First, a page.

The Culture shift: lead on culture, not just numbers
Culture is important. It’s a fact that culture influences productivity and profitability.
In recent years we’ve seen work culture come into the spotlight as employees started working from home during the pandemic. Businesses world-wide gained first-hand experience of the financial impact that resulted from this massive corporate culture shift.
It is important to know that cultures change – it is inevitable. What makes culture shifts difficult to navigate and lead in an organisation is that it’s coupled with change. Businesses often struggle with the temptation to preserve or get back to their pre-COVID culture. But acceptance of change is the first step to a healthy culture.
That is where the CFO steps in. Forward-thinking finance executives have for years had the tools and data to help shift and nurture cultures.
Why is culture so important to the role of the CFO?
- Culture affects profitability
- The CFO has been identified as the position with influence on culture. The budget for culture influence lies within the finance department.
Deloitte’s North American CFO Signals survey found that on average CFOs aspire to spend about 60% of their time as catalysts for change and strategists in their organizations.
The definition of culture is: “The shared beliefs and assumptions underlying an organisation”. Thus, to change culture, it’s required to change beliefs.
Here are four steps to change culture from within the finance function:
The CFO is often in a unique position to identify a dysfunctional culture, or elements negatively affecting the company culture – and to help navigate change. Identify culture dysfunction by asking yourself what you dislike about your company culture and what the financial and other implications of that problem area are.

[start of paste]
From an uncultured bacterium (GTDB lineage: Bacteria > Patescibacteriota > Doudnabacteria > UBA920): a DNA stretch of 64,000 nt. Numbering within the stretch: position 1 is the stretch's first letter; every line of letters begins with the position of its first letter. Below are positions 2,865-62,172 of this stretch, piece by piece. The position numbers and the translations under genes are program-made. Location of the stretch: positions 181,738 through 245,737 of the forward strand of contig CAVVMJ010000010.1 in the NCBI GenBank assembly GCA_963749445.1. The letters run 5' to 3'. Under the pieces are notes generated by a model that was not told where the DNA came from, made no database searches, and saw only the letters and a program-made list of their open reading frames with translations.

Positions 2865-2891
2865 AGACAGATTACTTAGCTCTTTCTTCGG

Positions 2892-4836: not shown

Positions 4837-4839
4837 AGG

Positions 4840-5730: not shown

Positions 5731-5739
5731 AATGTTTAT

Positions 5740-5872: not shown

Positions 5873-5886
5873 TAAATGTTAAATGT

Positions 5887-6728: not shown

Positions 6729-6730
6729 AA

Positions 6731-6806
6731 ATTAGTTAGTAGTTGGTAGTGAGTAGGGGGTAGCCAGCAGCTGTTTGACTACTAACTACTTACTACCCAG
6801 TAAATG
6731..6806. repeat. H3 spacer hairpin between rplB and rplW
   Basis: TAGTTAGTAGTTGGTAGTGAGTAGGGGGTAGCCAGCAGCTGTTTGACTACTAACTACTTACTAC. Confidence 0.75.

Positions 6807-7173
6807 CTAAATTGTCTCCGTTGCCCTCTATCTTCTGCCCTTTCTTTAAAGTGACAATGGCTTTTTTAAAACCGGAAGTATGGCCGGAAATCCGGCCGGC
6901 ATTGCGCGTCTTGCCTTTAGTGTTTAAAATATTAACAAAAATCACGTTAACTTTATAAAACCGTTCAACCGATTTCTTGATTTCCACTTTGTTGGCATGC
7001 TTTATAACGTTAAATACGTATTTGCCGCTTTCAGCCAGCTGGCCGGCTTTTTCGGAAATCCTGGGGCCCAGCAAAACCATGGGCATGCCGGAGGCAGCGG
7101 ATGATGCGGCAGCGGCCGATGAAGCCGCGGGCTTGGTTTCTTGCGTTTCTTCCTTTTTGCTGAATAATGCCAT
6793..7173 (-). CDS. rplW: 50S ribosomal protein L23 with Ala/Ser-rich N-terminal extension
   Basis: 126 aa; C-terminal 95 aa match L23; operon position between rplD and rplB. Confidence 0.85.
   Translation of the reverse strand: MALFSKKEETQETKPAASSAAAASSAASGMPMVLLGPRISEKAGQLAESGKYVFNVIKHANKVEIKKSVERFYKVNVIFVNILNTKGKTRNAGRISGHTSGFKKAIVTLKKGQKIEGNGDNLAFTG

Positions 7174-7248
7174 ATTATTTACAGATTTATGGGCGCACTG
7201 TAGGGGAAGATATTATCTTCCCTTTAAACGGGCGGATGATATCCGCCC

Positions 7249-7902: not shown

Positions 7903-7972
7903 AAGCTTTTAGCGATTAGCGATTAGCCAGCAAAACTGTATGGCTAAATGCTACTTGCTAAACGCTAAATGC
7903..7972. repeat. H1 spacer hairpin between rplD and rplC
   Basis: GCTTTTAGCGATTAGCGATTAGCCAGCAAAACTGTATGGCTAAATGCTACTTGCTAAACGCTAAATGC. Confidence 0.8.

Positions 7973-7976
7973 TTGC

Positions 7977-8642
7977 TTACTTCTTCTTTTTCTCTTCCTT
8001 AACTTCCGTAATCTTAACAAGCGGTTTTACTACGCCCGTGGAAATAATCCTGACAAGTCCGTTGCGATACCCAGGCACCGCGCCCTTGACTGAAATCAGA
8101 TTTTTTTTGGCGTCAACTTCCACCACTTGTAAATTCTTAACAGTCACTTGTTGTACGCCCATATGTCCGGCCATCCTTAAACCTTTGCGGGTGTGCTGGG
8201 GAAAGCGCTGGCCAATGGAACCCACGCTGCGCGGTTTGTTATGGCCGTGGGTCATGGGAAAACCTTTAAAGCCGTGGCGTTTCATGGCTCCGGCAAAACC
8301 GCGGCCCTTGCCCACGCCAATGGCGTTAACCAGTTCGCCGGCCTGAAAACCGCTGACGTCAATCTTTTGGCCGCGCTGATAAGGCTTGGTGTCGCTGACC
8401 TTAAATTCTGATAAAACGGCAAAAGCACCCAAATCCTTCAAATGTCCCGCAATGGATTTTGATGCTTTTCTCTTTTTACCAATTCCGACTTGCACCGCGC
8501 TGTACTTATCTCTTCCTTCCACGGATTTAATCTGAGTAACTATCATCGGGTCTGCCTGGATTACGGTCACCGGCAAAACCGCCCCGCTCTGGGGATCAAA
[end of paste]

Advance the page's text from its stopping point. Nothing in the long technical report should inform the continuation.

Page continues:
Complexity causes confusion and introduces the risk of missing growth opportunities. CFOs realise the complexities businesses have to deal with and they know that this complexity is more than likely to increase. The CFO function also has the influence to remove some of this complexity.
Failure to integrate acquisitions, expanding SKUs, new product lines and new business categories to meet customer demands can be detrimental to the organisation. Often, businesses have not taken the time to optimize their systems, which has led to temporary fixes, one-off exceptions, and unprofitable complexity.
Removing complexity helps identify opportunities while creating space for a new culture to be established.
3.Reframe existing narratives
To reframe existing narratives, you first need to unfreeze these narratives. You do this by addressing the unwanted behaviour. Then you create a narrative that shows the value of the beliefs and the pitfalls of the existing beliefs. Once you’ve identified and communicated the culture-crashing behaviour and beliefs, you need to articulate the belief, behaviours and outcomes you desire going forward.
4.Replace existing beliefs
Finally, to implement change and replace existing beliefs, it’s necessary to walk the talk and role model the desired behaviour. Success requires not only a shift away from traditional mindsets, but leadership from the top, including senior executives and key management officials across the entire C-suite. To shift behaviour on a cultural level, it might be worth considering recruiting new team members with the desired values and behaviours to help drive a culture shift.
5.Reinforce desired beliefs
Reinforce desired beliefs by incentivising the desired behaviour and implementing an open-door policy.
In conclusion, it is necessary that CFOs fulfill their fiduciary responsibility and at the same time shape corporate culture by creating a fulfilling work environment for employees. CFOs must understand that bringing any of these reforms to life, especially those with significant social sensitivity, is much more than signing a pledge or issuing a press release, it’s taking action and driving change by altering behaviour at the top.
Want to learn more about how Ignatius Sehool experienced and influenced culture at KPMG? Listen to this podcast on CFO Talks.